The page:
Salt Spring’s farming community and other friends are asking for support to provide ongoing treatment for Sharon Shewchuk, an islander who is experiencing a severe relapse of late-stage Lyme disease.
Shewchuk is the operator of Salt of the Earth Farm, located on the side of Mount Maxwell. She described her Lyme symptoms in the Driftwood last May as “a terrifying experience of smouldering fevers, swollen joints, trembling limbs, unearthly peripheral neuropathies and nauseating pain. It’s like being dismantled alive, part by part.”
Shewchuk’s neighbours have recently taken over responsibility for her goats, her 100 laying hens and the eggs they produce as she has essentially become bedridden by pain. Friends have also stepped in to set up a GoFundMe fundraising campaign and an Island Savings trust account for donations to help with treatment costs, which could run into the tens of thousands.
The campaign raised nearly $6,000 in the first few weeks, but with medications costing close to $1,000 per month, much more will be needed. Long-term treatment of 18 months or more may be required.
“We have every faith that Sharon will get better. We just need to give her time to do that,” said Shewchuk’s neighbour Ahava Shira. “The money we gathered so far is fabulous, but the treatment is so expensive. If we’re looking at one to two years, we need other avenues.”
While Shewchuk lives alone and has no family nearby, she has been embraced by the weekly meditation group that Shira runs, as well as the farming community.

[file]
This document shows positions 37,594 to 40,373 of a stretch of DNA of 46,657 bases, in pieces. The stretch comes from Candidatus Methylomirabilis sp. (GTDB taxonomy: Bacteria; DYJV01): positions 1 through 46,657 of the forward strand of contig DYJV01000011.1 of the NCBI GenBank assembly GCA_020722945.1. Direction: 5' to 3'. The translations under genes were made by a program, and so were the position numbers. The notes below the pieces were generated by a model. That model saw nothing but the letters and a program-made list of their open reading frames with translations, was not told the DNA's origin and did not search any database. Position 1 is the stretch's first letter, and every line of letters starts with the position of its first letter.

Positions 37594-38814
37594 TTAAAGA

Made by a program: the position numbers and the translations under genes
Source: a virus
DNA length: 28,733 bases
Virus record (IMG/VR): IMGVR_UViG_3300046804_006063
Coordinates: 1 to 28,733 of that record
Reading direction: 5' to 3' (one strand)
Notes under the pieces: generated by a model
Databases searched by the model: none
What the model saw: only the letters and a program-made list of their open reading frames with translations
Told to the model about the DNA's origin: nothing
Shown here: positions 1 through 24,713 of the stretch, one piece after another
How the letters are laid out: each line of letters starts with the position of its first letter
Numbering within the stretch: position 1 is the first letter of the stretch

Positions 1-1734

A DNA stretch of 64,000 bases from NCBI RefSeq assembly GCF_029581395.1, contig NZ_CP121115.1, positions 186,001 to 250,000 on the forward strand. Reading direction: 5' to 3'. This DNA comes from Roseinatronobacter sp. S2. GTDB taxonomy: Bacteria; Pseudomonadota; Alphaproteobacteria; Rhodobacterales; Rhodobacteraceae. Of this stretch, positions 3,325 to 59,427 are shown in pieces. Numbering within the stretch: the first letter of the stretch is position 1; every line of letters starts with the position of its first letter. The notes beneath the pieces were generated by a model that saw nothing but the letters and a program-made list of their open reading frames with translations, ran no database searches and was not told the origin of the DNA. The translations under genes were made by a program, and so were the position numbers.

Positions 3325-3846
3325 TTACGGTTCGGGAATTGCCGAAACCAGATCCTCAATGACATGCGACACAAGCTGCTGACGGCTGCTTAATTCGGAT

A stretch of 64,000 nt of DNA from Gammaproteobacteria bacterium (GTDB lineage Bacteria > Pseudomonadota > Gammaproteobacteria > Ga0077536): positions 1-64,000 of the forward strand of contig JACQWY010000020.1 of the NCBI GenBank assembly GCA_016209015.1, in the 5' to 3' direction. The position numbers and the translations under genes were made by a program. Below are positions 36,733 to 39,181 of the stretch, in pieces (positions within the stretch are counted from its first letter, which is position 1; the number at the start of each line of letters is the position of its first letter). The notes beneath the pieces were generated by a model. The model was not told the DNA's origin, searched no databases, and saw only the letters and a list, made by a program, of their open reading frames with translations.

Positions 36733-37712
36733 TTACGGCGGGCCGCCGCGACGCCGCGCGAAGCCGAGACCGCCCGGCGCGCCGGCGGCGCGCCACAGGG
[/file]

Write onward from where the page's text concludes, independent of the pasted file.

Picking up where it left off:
Shewchuk was severely disabled by Lyme disease from 2003 to 2010 when the illness ravaged her muscles, joints, nervous system, immune system and vision. Swelling in the brain caused a series of small strokes which left her unable to speak for years. She required assistive devices to communicate and accomplish basic tasks.
“It took Sharon many years to obtain a correct diagnosis from an infectious disease specialist, but with the proper treatment she made an astonishing recovery. Within a year of beginning antimalarial and antibiotic therapies she had recovered her speech and progressed enough physically to become a passionate and dedicated member of Salt Spring’s farming community,” the GoFundMe page explains.
Shewchuk has located a naturopathic doctor in Victoria named Dr. Maria Payne Boorman, who has been working to develop a protocol for Lyme disease over the past eight years.
A local naturopath on Salt Spring has agreed to administer the treatment Boorman specifies, since even travelling to Ganges is beyond Shewchuk’s current ability. The cost of the drugs and supplements is very high, however, and coverage has been denied both by the province and the supplying company.
Donations can be made to the GoFundMe campaign under “Help Salt Spring Farmer Fight Lyme Disease” or to Islands Savings account #2688620.
Shira said help will also be needed for a letter-writing campaign to B.C. Health Minister Adrian Dix to lobby for Shewchuk’s medication coverage. Details will be announced when a date is organized.
For more on this story, see the Feb. 20, 2019 issue of the Gulf Islands Driftwood newspaper, or subscribe online.